Larry Penn, who wrote wonderful songs such as “I’m a Little Cookie,” passed away on October 7 at his home in Milwaukee. He was 87 and died from complications of diabetes and heart problems.
Larry will be fondly remembered as a folksinger, songwriter, truck driver, Teamster, member of the Rose Tattoo, toy maker and wonderful family man who will be deeply missed by his wife of 62 years, 4 children, 8 grandchildren and one great-grandson. He will also be mourned by his numerous fans and folks who discovered his songs through songbooks, community sings and concerts.
I first met Larry back in the early 1980s at one of the early Great Hudson River Revivals, sponsored by the Clearwater. This was pre-CD days, and I remember Larry lugging around a box of LPs of his then-new recording I’m a Little Cookie. He gave me a copy, and it has been a cherished part of the WFDU-FM collection ever since.
Being a fan of railroads and some-time model railroader, I immediately put the needle down on a track from the LP called “John Allen’s Railroad,” a song about a legendary model-railroader who turned his miniature trains into an art form, creating life-like scenery and true to life operations on an enormous model railroad built in his home. The storied model railroad, which he called the Gorre & Daphetid, became a legend among model railroaders and was featured in books and magazine articles about the subject. The model railroad was consumed by a fire 10 days after John Allen passed away in 1973. Larry Penn, an avid railroad enthusiast, captured the spirit and passion of Allen’s hobby in his beautiful song tribute.
Other songs on that album soon became favorites on my playlists. The song “I’m A Little Cookie” was inspired by his wife, who worked in at a children’s center in Milwaukee and wondered why there were no songs about emotionally disturbed children, often sadly referred to as “damaged.” Larry recalled a local bakery where he bought bags of broken cookies at a discount, which he fed his own children because although they were broken, they tasted just a good as any other cookie. Larry’s song has since been recorded by over 30 artists, including John McCutcheon and the late Pete Seeger.
Larry’s songs were true folk songs- they were about the joys, struggles and history of the people he sang to. You won’t find any real personal songs about Larry in his canon, he did not write about himself, choosing to focus on the stories of the people and issues in the world around him. He drew inspiration from his children, and Larry would perform for audiences both young and old.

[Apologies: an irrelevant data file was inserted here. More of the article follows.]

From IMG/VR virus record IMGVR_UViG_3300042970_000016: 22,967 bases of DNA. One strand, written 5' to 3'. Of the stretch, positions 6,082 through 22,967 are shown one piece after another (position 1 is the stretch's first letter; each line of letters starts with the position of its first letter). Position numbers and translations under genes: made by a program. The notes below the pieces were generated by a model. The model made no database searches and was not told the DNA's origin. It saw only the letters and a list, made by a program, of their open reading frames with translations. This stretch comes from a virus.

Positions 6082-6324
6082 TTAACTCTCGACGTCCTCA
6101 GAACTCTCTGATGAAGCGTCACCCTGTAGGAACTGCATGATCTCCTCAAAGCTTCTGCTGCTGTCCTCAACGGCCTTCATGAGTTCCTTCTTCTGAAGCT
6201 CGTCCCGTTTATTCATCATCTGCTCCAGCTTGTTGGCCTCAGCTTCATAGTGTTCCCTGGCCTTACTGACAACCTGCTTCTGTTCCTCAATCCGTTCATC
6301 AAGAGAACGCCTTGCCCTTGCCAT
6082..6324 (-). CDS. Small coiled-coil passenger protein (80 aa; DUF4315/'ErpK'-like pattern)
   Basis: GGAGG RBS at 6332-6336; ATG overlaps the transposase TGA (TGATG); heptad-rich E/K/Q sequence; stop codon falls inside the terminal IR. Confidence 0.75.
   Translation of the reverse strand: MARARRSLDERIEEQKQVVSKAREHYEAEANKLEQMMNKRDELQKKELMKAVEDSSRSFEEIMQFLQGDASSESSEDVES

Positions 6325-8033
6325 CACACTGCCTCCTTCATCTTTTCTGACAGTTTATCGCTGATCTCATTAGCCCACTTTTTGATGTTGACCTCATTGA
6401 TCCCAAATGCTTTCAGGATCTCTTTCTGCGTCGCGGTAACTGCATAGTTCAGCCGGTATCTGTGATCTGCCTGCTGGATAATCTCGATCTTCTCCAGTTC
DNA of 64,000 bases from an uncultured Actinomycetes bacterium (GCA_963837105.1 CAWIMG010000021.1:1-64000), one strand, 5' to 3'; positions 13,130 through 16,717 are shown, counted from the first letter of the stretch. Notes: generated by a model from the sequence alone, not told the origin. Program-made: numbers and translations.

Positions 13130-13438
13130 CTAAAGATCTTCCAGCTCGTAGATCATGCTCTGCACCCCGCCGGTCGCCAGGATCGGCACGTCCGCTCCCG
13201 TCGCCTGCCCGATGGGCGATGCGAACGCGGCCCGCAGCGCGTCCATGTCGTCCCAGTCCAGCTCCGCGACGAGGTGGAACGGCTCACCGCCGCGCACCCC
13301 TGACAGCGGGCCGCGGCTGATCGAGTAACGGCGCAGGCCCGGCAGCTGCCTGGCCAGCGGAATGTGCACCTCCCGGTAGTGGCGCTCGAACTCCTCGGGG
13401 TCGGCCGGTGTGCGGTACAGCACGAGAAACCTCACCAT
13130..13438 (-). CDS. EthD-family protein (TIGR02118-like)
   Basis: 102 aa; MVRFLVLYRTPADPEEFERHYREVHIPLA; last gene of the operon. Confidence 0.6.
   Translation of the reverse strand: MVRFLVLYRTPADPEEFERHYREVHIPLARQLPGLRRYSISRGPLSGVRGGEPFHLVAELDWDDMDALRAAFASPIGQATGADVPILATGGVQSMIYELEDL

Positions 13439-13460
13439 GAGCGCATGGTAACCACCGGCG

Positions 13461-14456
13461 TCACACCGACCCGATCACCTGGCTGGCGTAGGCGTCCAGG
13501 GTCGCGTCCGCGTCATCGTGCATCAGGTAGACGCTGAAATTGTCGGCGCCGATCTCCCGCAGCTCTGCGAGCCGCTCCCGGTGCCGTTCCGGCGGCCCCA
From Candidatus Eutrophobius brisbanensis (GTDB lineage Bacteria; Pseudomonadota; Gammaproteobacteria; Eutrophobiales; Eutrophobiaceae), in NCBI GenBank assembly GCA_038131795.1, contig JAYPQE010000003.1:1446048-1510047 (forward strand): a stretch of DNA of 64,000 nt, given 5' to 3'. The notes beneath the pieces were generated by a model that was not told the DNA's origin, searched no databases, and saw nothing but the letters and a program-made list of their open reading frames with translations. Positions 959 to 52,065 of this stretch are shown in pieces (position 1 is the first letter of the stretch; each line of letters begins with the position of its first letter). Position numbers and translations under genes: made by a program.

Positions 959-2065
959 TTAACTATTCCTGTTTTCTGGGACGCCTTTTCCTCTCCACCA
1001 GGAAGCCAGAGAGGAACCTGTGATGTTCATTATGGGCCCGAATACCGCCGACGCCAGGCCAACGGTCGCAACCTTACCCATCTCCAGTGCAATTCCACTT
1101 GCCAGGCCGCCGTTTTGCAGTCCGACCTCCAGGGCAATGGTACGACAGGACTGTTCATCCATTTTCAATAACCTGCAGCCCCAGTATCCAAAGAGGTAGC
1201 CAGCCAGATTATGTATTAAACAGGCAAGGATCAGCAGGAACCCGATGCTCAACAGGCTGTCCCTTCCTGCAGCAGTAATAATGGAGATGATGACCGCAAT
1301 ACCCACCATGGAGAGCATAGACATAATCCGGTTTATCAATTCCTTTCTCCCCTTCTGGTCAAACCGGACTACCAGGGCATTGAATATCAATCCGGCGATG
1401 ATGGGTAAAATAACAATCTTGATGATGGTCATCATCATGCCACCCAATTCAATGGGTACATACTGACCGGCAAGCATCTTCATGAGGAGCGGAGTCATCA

Larry picked up the guitar during the later days of the folk revival, inspired by music he had heard from LP’s by folks like Lead Belly. Eventually he found himself on stages, and he would often work a full shift driving a truck and then perform in the evening.
In 1976, Joe Glazer invited Larry to sing at the George Meaney Center for Labor Studies in Silver Spring, Maryland and also recorded Larry’s first album called Working for a Living, released on Glazer’s own label, Collector Records.
After retiring as a trucker when he was 58, Larry became a full time musician, writing songs and performing at festivals, schools, museums and the annual Hobo Convention in Bitt, Iowa. He became a member of the Rose Tattoo, a loosely organized fraternity of traveling musicians who honored the legacy of the hoboes and tramps they often sang about in their songs. The spiritual leader of the group was Bruce “Utah” Phillips, and you can say that Utah and Larry were cut from the same cloth.
I will be paying tribute to Larry during the 3pm ET hour this coming Sunday, October 19. (You can listen in through our website at www.wfdu.fm or through iHeartRadio .) I will feature excerpts from an interview I conducted with Larry at the 2002 Old Songs festival, where he was performing with the Rose Tattoo. I will feature a number of Larry’s songs.
A public celebration of the life and music of Larry Penn will be taking place on the same day from 5:30 to 8:30pm at the Anodyne Coffee Roastery, located at 224 W. Bruce Street in Milwaukee, Wisconsin.